Just hours before he was killed in the mass shooting in Orlando, Shane Evan Tomlinson took center stage at the Blue Martini Lounge and did what friends back in North Carolina remember him doing best: He performed and he sang.
Tomlinson, who graduated from Northwest Cabarrus High School and East Carolina University, was lead vocalist for Frequency Band, a cover group in the Orlando area hired for clubs and weddings.
After his gig Saturday night, he went to the Pulse nightclub about 10 miles away. He and another North Carolinian – Tevin Eugene Crosby who grew up in Statesville – were among 49 victims there.
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As news of the massacre spread Sunday morning, friends began a desperate search to find Tomlinson – described by a fellow musician as “kind hearted, funny, passionate.”
“I pray to God that you not answering your phone is pure coincidence,” the musician tweeted.
On Monday, after the City of Orlando announced his death, the flag at Northwest Cabarrus High in Concord was lowered to half staff.
“Our hearts are broken to learn that Shane's was one of the young lives lost in this senseless act of violence," Concord Mayor Scott Padgett said in a statement. "We lift up his parents as well as the entire Tomlinson family in prayer and support. There are many people in our community who loved and remember Shane from his youth and we join his family in grief."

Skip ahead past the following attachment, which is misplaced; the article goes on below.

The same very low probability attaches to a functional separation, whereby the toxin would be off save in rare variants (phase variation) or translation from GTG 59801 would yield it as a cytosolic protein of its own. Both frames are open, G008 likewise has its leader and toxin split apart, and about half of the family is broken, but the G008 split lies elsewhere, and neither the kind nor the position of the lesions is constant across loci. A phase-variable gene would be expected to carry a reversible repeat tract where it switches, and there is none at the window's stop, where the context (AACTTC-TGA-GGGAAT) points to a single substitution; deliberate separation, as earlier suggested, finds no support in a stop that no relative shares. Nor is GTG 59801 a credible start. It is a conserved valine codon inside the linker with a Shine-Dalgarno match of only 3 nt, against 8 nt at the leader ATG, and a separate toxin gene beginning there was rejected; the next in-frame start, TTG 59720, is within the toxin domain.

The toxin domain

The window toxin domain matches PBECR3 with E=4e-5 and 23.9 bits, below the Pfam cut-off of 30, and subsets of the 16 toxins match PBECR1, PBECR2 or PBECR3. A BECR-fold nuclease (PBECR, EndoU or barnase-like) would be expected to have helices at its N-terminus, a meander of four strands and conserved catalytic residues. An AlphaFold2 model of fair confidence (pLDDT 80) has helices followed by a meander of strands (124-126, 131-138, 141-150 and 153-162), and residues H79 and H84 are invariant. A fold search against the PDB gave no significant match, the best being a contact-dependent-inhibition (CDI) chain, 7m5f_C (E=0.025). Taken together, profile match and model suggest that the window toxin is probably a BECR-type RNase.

Tomlinson was a 1999 graduate of Northwest Cabarrus High , where he played saxophone in the Trojan Regiment marching band and choreographed the 1998 homecoming show, "Get Down with Motown."
In December 2003, he graduated from East Carolina University with a bachelor of science degree in communication and a minor in business administration. He is remembered there for his “high intensity personality and impressive singing voice.”
He was a member of the gospel choir and the student modeling group Ombionce, according to the ECU News Service. “If you met him once he became a part of who you are,” Dr. Lathan Turner, associate director of student transitions, told the news service. “He was destined for a grand stage and he was doing exactly what he wanted to do.”
Tarrick Cox, advisor to the gospel choir, said Tomlinson had a contagious personality. “He was gifted and creative,” Cox said. “He was a go-getter who did well academically. He always looked at people as individuals and never categorized them.”
Turner said Tomlinson leaves behind his mother, father, a sister and a young nephew he adored.